Will I pay more taxes to the State of Michigan because of the new federal tax legislation?
You could have, but Governor Snyder passed bills on February 28, 2018 that eliminated the consequences of the federal tax plan. Here’s how it works.
Many state income tax laws are influenced by changes made to the federal income tax code. If state legislators don’t make changes to their state’s tax code to offset the federal changes, the state could receive more income taxes.
The new federal income tax law eliminated personal exemptions in favor of larger standard deductions.
Previously, Michigan taxpayers could claim the personal exemptions on their state income tax return which reduced their income tax liability. Now that it’s eliminated, they can’t, and the State of Michigan would have received an annual $1.5 billion tax increase.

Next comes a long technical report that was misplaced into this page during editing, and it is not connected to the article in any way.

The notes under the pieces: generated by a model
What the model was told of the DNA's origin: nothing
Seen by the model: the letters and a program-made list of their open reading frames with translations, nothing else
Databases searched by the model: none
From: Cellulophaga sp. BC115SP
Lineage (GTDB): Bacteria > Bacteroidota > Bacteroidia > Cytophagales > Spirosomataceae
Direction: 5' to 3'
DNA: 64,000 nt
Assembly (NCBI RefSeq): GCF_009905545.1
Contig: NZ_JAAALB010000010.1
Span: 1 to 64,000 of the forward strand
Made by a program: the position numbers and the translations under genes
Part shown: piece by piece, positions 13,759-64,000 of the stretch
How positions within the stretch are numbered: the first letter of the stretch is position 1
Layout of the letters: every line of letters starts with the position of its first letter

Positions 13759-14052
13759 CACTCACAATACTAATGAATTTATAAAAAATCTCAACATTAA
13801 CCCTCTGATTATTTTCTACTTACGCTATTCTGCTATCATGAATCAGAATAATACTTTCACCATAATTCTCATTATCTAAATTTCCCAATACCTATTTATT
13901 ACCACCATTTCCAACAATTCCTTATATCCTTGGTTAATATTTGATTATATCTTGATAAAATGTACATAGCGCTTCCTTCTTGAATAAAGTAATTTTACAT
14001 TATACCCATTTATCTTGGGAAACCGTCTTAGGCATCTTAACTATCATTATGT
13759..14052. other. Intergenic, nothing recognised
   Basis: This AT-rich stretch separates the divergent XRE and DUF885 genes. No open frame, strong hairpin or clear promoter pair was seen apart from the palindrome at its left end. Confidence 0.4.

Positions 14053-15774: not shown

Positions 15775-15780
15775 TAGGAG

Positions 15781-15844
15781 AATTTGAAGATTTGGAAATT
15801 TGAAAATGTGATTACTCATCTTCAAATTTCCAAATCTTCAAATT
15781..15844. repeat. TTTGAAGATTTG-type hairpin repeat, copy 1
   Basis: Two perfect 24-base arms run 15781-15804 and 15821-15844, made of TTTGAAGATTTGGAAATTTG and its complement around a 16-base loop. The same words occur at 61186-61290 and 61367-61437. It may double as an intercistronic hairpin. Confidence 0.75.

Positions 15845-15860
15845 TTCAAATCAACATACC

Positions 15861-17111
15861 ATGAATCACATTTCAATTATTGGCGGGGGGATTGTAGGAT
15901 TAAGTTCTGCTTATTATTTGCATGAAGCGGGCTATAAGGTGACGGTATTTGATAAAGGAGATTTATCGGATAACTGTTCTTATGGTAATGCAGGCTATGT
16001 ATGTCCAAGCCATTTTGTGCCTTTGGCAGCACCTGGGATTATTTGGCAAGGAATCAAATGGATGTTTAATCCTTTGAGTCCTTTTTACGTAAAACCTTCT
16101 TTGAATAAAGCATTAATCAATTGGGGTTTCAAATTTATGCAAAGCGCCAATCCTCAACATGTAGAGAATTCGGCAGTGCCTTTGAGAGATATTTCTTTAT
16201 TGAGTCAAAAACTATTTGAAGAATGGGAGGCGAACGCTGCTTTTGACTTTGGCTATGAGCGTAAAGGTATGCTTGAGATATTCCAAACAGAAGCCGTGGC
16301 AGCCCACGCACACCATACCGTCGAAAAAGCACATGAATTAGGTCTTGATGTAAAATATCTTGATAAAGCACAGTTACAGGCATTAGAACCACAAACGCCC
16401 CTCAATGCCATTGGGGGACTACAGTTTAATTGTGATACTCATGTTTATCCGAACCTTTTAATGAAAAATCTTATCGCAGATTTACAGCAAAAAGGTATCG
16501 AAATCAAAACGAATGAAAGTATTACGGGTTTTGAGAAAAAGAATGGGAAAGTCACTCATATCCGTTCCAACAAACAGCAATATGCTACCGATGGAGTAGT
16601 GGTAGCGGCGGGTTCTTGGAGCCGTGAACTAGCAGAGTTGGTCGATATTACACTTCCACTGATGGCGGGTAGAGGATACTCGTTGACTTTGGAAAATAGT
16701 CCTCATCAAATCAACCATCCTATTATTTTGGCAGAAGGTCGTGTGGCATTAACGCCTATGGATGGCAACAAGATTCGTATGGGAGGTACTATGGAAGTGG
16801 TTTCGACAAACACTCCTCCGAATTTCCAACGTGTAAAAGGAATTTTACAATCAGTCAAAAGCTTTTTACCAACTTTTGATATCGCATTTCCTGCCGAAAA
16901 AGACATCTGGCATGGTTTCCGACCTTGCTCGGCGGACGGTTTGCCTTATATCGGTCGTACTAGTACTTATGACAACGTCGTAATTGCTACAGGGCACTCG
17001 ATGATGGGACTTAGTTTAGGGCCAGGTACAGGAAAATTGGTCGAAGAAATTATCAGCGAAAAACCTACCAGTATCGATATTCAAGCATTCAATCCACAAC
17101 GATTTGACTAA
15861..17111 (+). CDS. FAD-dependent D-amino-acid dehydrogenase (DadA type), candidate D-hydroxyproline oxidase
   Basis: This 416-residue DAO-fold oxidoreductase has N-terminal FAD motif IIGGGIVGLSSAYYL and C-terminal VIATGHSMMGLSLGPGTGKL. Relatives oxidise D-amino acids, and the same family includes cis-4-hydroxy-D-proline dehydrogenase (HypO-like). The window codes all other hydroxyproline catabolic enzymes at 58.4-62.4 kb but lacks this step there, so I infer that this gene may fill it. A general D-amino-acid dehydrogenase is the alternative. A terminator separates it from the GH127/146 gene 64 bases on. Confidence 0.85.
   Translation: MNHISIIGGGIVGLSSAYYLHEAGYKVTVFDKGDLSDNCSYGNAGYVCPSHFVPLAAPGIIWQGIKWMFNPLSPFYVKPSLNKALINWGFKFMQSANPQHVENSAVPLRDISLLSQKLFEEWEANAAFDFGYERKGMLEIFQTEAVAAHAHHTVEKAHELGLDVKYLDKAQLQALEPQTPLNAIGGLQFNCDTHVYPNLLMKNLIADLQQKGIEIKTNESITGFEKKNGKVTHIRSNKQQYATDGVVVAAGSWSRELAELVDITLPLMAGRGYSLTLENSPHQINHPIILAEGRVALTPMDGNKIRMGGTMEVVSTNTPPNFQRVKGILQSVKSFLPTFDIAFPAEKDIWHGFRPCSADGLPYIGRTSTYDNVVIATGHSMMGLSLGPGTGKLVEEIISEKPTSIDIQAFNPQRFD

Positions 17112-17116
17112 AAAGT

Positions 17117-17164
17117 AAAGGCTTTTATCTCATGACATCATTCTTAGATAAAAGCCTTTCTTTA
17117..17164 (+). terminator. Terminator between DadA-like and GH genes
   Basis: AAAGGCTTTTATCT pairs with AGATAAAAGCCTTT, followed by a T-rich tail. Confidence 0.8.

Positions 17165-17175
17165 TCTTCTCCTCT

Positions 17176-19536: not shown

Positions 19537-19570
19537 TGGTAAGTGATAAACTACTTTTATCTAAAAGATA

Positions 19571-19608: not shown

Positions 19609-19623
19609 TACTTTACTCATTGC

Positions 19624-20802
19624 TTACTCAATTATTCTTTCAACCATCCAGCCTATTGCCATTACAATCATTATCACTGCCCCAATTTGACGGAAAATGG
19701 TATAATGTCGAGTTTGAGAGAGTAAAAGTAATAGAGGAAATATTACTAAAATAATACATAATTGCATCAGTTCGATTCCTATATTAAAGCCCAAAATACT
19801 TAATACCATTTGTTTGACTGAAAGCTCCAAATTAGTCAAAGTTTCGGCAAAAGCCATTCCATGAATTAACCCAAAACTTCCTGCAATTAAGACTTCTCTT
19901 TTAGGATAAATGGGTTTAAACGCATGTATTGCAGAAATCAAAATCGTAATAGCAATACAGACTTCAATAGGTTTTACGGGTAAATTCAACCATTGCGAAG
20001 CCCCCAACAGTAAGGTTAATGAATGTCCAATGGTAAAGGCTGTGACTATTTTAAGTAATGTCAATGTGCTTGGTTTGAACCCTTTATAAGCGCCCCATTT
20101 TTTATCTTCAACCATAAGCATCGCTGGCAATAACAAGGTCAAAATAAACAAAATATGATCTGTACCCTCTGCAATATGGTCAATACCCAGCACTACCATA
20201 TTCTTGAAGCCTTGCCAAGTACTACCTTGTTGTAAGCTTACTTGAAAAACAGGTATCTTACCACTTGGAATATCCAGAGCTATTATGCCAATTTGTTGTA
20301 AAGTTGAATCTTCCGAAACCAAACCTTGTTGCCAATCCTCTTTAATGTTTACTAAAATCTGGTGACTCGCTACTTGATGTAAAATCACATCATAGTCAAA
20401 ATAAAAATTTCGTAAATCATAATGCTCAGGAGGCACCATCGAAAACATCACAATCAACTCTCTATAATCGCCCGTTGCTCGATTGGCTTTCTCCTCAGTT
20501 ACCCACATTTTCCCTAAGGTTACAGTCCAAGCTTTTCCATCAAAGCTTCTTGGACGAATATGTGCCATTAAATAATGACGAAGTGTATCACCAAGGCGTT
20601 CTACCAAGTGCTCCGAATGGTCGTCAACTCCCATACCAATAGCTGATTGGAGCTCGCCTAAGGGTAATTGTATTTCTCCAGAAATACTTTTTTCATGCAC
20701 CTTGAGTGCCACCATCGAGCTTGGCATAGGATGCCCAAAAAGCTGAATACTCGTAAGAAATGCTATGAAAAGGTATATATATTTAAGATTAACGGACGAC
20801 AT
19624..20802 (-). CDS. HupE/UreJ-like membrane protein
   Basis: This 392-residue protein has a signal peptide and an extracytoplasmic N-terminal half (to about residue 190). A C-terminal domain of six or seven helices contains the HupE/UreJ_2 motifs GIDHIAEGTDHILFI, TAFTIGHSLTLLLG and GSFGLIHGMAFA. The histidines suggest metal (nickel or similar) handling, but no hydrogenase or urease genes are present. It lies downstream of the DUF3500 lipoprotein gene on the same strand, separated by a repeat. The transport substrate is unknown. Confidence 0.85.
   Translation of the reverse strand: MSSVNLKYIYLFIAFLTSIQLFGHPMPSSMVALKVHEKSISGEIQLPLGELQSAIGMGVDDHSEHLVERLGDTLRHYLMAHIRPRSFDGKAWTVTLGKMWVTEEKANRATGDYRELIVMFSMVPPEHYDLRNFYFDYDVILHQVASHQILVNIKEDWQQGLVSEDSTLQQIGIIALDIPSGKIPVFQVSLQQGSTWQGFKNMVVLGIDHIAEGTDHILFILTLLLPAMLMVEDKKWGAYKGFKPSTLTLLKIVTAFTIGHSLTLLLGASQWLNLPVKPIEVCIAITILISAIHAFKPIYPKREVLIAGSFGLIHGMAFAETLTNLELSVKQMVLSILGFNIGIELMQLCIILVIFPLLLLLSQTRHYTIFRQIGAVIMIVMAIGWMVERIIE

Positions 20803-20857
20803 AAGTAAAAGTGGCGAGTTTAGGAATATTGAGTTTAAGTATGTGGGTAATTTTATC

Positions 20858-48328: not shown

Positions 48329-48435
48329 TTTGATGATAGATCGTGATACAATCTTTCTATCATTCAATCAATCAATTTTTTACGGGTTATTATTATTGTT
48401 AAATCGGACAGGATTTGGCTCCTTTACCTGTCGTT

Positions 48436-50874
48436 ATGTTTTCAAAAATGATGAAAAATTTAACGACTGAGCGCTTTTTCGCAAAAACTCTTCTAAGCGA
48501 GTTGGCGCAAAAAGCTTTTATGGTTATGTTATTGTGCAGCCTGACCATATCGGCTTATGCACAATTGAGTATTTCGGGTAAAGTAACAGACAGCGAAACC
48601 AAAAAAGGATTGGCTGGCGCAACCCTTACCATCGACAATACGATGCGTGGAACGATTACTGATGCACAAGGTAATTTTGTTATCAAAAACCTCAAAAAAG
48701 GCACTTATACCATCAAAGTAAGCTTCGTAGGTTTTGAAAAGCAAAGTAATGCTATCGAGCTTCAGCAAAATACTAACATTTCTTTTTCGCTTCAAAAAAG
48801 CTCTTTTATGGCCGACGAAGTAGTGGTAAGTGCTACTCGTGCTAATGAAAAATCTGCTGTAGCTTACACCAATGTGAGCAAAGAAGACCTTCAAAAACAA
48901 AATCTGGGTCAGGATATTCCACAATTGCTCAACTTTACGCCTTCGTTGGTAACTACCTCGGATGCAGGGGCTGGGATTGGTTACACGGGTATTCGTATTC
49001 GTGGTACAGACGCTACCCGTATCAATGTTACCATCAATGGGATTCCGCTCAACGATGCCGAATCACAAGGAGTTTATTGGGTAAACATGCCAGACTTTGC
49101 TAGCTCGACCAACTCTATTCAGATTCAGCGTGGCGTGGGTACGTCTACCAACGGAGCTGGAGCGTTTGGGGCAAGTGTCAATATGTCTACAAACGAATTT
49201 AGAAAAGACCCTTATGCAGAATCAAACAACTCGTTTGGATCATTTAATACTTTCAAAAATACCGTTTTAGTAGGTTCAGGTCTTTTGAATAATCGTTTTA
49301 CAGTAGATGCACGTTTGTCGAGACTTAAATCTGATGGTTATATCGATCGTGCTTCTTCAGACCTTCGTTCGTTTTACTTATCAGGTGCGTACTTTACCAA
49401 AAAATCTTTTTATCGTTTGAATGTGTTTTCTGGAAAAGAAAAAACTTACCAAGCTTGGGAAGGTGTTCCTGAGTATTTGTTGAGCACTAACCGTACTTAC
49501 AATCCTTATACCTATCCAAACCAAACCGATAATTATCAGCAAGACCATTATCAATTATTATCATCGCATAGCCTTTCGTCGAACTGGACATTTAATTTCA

But, Governor Snyder passed legislation allowing Michigan taxpayers to claim a $4,050 exemption for themselves and each of their dependents, regardless of the number of exemptions claimed on their federal income tax return.
This exemption is set to increase every year, up to $4,900 per exemption in 2021.
The Michigan City Income Tax was also amended to allow city residents to continue to claim personal exemptions.
Have questions about state taxes? Let’s talk!